We’ve looked at lighthouses and bridges as part of our continuing commemorations for the 200th anniversary of the founding of the Institution of Civil Engineers. Now it’s the turn of breakwaters. This print was purchased for our collections in 1911. It shows Mount Edgcumbe, Plymouth Sound and Plymouth Breakwater from Staddon.

Mount Edgcumbe and Plymouth from Staddon print © Plymouth Museums Galleries Archives

Three men in uniform, plus another man and a woman can be seen in the foreground by the cannons. The harbour is teeming with boats and I think I can spot Maker Church in the distance. In the left hand section of the work the breakwater can be clearly seen with its white lighthouse at one end.

Lying at the mouth of Plymouth Sound between Bovisand and Cawsand/Kingsand, the breakwater can lay claim to helping shape the history and fortunes of South West England.

The story behind this striking man-made feature is one of engineering ambition played out in the toughest of environments.

In 1811 Civil Engineer John Rennie (1761-1821) was instructed by the Admiralty to draw up plans for a breakwater that would transform Plymouth Sound into a safe anchorage. Although the Sound is a large natural harbour it could be a dangerous place when exposed to south westerly gales. Pressure also grew during the Napoleonic Wars (1803-15) with the need to provide a safe base for the Channel Fleet.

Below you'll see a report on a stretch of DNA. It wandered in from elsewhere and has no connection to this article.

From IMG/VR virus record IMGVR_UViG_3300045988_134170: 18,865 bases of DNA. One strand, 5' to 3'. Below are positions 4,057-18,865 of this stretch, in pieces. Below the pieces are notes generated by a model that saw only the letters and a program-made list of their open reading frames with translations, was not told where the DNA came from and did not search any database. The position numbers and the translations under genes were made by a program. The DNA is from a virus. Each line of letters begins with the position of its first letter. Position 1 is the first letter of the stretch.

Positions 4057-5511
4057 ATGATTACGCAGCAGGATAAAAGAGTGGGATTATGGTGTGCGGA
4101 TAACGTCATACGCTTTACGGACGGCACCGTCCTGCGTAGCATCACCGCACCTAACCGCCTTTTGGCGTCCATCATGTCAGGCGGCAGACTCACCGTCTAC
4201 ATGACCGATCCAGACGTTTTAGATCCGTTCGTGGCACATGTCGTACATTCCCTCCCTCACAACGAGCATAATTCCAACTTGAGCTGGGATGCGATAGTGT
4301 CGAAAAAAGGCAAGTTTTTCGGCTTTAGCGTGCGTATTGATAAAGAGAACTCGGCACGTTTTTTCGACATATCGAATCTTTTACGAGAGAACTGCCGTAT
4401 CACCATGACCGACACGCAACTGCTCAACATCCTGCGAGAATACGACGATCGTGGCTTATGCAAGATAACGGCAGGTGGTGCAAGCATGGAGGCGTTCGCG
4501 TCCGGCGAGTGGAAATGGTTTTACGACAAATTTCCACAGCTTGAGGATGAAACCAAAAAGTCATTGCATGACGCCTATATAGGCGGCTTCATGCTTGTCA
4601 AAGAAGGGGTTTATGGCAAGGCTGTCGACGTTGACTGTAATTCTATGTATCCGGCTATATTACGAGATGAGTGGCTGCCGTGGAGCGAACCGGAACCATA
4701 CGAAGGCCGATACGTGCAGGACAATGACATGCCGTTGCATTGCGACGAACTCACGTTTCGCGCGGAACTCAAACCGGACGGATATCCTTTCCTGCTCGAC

Work began on the pioneering structure in 1811-12. Nothing on its scale had been built before. Referred to as ‘The Great National Undertaking’, it took many years to complete.

3.5 million tonnes of Plymouth limestone were quarried locally to help construct it. The first block was dropped onto the seabed from a sailing barge on August 12, 1812.

Rennie and fellow engineer Joseph Whidbey (1757-1833) considered creating a land attached breakwater but ultimately chose an unattached one instead. This eliminated hazardous shoals and rocks and helped retain the historic shipping routes into Plymouth. The angled arms reduced the agitation of water in the tidal channels and provided further shelter.

The breakwater was considered largely complete when its lighthouse was lit in 1844, although work on it continued into the 1860s. Reinforcements began in 1871 and over one thousand 100-tonne concrete wave-breakers have been taken out to it since 1928. Up to 12 of these wave breakers are still added every year.

Although we may take it for granted when we stand on the Hoe and look out to sea it is still one of the largest free-standing breakwaters in the world – and we should be very grateful for it. Modern civil engineering and research mean new ways to protect our ports and shorelines are constantly being developed, but the power of the sea never changes.

Jo Clarke, Marketing and Communications Officer
This article was originally published on 6 March 2018